Feb. 6 (UPI) -- Former Ambassador Marie Yovanovitch said that it's "the American way" to expose wrongdoing by speaking up about it like she and other civil servants did in testimony to Congress last year.
The former U.S. Ambassador to Ukraine said it was important to speak out during the House impeachment inquiry into President Donald Trump's dealings with Kiev last year, which resulted in acquittal in the Senate Wednesday, despite the administration's efforts to silence witnesses.
"We did this because it is the American way to speak up about wrongdoing," she told the Washington Post in an editorial. "I have seen dictatorships around the world, where blind obedience is the norm and truth-tellers are threatened with punishment or death. We must not allow the United States to become a country where standing up to our government is a dangerous act."
The House probe sought to determine if Trump withheld military aid approved by Congress to Kiev as leverage to persuade Ukrainian President Volodymyr Zelensky to investigate Democratic Presidential candidate Joe Biden and his son, Hunter Biden, for his personal gain. Trump also was accused of using the aid as leverage to get Zelensky to investigate a conspiracy theory debunked by U.S. intelligence that Ukraine was involved in the hacking of the Democratic National Committee server in 2016.
Yovanovitch testified in October in a closed-door deposition during the House impeachment inquiry and again in November publicly during the impeachment hearing that produced articles of impeachment for abuse of power, and obstruction of Congress. She testified that she made enemies in Ukraine by fighting corruption there, but didn't expect U.S. citizens to partner with them.
Trump's lawyer Rudy Guiliani confirmed telling Trump that Yovanovitch was blocking requests to investigate Biden. Secretary of State Mike Pompeo said last month he would investigate allegations that private U.S. citizens intent on Yovanovich's removal were surveilling her and possibly threatening harm.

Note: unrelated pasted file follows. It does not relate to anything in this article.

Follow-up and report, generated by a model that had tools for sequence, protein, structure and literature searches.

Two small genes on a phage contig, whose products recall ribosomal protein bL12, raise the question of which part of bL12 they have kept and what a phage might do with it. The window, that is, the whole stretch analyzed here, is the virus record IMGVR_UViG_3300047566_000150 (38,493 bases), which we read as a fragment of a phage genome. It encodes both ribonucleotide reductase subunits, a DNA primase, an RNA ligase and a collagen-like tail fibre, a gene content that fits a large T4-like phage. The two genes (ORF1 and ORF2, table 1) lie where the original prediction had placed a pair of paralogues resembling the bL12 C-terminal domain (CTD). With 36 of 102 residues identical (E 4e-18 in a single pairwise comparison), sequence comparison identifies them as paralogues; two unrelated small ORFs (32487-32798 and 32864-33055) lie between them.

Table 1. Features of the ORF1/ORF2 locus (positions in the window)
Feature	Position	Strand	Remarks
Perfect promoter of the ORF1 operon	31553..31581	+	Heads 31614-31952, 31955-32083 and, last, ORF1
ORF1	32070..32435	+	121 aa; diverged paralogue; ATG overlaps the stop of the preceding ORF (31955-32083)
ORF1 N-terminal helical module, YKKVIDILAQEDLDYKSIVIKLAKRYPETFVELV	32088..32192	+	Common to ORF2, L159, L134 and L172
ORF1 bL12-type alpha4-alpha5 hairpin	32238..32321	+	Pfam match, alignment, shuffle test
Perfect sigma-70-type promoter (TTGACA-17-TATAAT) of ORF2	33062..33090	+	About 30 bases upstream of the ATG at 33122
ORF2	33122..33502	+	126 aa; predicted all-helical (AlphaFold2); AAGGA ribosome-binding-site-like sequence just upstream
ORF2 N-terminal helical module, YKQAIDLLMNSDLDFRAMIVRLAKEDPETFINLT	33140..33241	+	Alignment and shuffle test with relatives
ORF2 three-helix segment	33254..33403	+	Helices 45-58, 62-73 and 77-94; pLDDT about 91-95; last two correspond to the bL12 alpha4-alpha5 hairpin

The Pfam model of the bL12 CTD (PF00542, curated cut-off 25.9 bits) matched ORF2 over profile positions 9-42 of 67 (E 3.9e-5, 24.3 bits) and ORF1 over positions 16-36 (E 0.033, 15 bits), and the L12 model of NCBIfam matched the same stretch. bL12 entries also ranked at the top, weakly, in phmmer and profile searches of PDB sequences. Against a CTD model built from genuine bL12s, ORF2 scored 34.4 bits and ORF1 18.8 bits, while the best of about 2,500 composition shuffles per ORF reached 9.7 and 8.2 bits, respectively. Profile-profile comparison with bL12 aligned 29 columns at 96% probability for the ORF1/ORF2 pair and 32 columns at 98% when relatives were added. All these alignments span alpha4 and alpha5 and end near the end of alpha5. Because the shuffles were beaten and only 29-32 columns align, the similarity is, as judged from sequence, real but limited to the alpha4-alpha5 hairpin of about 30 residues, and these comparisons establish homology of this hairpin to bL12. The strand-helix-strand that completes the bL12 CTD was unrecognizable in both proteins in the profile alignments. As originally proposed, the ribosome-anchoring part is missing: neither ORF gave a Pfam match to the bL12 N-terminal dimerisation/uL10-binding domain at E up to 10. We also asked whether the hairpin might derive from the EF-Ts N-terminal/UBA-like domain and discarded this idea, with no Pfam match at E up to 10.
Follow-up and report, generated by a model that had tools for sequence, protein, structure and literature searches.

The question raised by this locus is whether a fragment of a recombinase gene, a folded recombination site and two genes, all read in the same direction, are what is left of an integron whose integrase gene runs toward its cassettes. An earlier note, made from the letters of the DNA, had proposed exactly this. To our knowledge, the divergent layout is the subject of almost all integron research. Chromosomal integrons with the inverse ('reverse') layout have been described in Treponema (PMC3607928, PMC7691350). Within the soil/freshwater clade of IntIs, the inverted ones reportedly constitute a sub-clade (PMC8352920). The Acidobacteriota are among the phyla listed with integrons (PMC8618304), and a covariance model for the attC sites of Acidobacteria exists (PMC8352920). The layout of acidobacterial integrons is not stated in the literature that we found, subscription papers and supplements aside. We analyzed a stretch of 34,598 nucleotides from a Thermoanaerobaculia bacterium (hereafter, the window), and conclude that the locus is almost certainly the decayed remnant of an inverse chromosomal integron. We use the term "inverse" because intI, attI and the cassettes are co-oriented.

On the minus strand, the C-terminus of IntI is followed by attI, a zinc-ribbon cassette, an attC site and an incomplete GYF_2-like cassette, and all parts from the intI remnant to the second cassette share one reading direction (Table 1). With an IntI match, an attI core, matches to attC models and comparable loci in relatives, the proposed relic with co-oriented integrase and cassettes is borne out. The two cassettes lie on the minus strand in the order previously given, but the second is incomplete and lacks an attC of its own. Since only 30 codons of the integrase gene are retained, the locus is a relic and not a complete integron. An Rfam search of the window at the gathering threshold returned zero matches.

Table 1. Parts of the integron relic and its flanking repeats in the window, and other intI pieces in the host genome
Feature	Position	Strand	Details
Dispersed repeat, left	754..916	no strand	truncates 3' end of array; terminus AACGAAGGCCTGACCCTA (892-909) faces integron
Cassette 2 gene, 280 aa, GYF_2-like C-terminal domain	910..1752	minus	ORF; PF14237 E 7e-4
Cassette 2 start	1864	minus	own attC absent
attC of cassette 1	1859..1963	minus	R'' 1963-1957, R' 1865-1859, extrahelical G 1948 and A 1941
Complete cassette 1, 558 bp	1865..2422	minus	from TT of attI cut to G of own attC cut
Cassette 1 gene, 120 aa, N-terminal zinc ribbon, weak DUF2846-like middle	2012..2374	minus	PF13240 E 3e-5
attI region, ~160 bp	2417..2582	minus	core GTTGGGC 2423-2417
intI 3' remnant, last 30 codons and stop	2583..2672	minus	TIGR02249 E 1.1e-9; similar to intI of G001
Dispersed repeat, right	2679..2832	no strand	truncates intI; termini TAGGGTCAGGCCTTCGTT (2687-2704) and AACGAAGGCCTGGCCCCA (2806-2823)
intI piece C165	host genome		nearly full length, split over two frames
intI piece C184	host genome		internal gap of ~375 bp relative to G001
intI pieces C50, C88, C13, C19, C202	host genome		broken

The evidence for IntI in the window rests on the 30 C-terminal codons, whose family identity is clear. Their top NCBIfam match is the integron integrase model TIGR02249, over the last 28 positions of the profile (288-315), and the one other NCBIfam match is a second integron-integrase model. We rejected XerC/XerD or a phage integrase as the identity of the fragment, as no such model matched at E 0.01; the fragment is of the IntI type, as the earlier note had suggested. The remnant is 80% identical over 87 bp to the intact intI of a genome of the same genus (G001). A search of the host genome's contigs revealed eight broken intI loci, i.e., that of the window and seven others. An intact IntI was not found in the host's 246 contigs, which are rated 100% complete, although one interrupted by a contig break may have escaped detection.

Like other civil servants who testified in the hearings, Yovanovitch talked about how she loved the United States as an immigrant whose family came to the country to have "a better life."
She retired from her 33-year career in the State Department last month after Trump pressured the State Department to dismiss her from the Ukraine post in May despite six former ambassadors raising concern about a smear campaign against her and praising her work.
"It has been shocking to experience the storm of criticism, lies and malicious conspiracies that have preceded and followed my public testimony, but I have no regrets," she said. "I did -- we did -- what our conscience called us to do. We did what the gift of U.S. citizenship requires us to do."
Yovanovitch added that the last year shows us that we need to continue to fight for democracy.
The administration has "undermined our democratic institutions, making the public question the truth and leaving public servants without the support and example of ethical behavior that they need to do their jobs and advance U.S. interests," she said.
Still, she has hope for the future.
"Like my parents before me, I remain optimistic about our future," she said. "The events of the past year, while deeply disturbing, show that even though our institutions and fellow citizens are being challenged in ways that few of us ever expected, we will endure, we will persist and we will prevail."